Some things have happened recently that have made me feel old. At first I was concerned but I now seem to have found a way of dealing with this revelation.
The first was during one of those quick shopping trips on the way home from work. I dashed around the isles getting the four urgent items and joined tea-time queue of other weary travellers in a similar position; all wondering why there was only one till open at such a busy time. I looked around the store at the other workers and had to wonder why folding empty cardboard boxes was more important than serving customers.
When it was my turn to be scowled at by the shop assistant I readied myself to pay and was asked to enter my PIN number. For the life of me I could not remember it. It had gone from my mind and I couldn’t find it anywhere.
I stood for a moment as if I was trying to understand the theory of relativity but nothing would come into my mind. I managed to pay for the few items with the collection of loose change I carry around with me because I am too lazy to empty my pockets.
I remembered the number just as I arrived home but that didn’t stop me worrying ever so slightly.
The next episode was whilst watching the telly. I had always been aware that TV viewing with older people can be a painful experience. My father had ruined many a good show by insisting that the quizzes were fixed and that none of what you see is true. Now it seems that he was right all along. I now watch the programmes with the same degree of cynicism and, in the process, annoy my own children.
‘Game shows are designed to make you feel guilty’ I explain to my long suffering daughters. The number of times the host says ‘The contestants will lose their chance to dance again next week unless you phone in and vote for them’ or ‘Their whole future in the jungle relies on your vote’. Apparently it is my fault that these celebrities don’t make it. Such pressure!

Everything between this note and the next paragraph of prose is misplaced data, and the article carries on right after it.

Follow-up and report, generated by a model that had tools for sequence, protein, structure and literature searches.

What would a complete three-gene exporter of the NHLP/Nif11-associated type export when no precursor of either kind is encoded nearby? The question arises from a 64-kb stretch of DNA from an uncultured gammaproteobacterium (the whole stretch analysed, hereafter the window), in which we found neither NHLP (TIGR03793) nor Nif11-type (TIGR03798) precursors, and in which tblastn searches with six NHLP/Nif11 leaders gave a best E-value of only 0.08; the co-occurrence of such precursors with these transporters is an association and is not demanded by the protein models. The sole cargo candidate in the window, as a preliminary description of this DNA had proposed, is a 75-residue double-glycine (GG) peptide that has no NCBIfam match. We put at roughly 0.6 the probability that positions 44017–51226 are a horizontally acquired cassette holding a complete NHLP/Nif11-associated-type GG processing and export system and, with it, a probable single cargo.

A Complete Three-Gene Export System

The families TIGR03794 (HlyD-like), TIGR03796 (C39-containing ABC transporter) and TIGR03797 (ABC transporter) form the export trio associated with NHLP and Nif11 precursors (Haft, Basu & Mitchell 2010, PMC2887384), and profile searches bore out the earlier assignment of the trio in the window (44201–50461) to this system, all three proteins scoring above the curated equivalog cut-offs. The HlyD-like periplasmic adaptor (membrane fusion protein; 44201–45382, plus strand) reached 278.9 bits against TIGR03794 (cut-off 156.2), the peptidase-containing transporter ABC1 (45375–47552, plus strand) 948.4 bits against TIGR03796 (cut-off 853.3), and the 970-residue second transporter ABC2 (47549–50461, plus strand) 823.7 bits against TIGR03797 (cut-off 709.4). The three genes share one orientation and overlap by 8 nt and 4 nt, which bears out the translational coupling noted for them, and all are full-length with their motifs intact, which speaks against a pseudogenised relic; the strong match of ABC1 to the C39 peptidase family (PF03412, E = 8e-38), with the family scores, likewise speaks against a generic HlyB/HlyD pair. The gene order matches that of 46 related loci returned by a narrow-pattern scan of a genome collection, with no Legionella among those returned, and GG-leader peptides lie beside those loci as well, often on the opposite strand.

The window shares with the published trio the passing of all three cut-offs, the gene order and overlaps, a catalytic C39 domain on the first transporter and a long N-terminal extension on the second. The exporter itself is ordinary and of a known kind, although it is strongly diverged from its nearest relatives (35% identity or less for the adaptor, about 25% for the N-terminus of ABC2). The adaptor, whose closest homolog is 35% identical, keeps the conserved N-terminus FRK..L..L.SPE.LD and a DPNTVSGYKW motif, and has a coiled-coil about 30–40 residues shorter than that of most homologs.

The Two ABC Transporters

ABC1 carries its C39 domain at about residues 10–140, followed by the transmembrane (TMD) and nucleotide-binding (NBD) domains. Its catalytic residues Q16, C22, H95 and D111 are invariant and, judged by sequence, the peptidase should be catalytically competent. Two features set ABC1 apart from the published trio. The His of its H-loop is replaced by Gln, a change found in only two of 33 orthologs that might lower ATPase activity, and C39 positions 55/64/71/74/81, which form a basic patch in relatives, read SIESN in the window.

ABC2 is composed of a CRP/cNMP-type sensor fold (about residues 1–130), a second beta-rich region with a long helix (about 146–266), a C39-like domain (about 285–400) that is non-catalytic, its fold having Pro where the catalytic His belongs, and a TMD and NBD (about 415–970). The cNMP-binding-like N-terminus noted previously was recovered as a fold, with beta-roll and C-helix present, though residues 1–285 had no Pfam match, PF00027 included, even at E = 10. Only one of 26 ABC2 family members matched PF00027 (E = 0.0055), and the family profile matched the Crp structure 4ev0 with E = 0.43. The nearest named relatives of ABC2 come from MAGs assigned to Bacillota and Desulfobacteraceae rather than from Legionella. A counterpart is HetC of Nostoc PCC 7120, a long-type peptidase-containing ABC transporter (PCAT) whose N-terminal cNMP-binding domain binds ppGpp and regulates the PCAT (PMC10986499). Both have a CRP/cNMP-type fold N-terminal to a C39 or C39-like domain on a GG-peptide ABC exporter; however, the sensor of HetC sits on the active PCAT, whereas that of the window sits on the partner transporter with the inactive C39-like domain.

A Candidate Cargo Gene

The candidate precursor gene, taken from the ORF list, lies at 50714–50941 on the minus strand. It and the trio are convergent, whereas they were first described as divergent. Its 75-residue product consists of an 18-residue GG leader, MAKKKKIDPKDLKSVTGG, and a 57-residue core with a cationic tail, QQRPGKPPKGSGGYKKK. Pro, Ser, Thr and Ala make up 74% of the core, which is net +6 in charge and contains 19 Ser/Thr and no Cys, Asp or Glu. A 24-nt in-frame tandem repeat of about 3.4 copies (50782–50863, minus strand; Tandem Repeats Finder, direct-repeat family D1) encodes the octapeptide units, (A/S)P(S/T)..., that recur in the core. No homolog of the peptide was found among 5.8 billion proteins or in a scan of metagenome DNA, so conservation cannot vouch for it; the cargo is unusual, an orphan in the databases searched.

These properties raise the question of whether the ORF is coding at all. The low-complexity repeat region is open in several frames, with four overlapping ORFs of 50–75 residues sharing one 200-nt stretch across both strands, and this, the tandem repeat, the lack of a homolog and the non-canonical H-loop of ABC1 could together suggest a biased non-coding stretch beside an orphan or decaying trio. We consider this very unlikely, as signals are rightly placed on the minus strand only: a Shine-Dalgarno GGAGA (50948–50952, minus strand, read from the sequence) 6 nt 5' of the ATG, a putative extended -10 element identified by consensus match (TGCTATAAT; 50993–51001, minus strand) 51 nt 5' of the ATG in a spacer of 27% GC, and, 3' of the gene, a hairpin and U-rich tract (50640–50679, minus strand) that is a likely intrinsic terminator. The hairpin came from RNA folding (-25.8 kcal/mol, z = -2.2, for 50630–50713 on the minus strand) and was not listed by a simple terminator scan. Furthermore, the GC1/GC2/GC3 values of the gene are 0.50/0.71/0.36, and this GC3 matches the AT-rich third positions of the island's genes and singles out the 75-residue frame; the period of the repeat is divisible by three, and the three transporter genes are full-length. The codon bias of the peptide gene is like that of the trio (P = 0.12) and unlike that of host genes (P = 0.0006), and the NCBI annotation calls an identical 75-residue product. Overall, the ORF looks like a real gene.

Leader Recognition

I say all this to my daughters and they look at me like I looked at my father; I know it is a sign of my youth slipping away.
The final example was fuelled by recent football events and the fate of the England team. I had watched the match against Croatia and felt more than sad at the outcome. My wife, noticing my malaise, tried to cheer me up by reminding me that it was ‘only a game’. This didn’t work even though she seemed to enjoy the conversation.
‘Now I will have to wait until the World Cup!’ I said trying to offer an explanation for my state of mind. Then it came to me that, even if I reach three score years and ten, I only have six World Cups left to enjoy.
Forgetting my pin number is one thing. Getting annoyed at the TV is another. Having only six of the most important football competition is just too big to cope with.
My wife, who also looked a little shocked at this, tried to come to my aid by reminding me that I do have the possibility of twenty three FA cup finals. It helped but I needed more!
‘How many premiership matches might I have?’ I asked, searching for comfort. A quick calculation showed that I had well over 800 to work with; all was not lost.
I started to breathe again and reflected on the fact that if you count all international matches, including friendlies, it is probably reaching nearly the thousand mark. By now I was on a role and working out other leagues and football competitions. It was good to feel young again. In fact my wife tells me that I haven’t ever really grown up, which I think was a compliment.
So my advice to you if you are feeling old is not count your life in World Cups; make the most of every game you can find.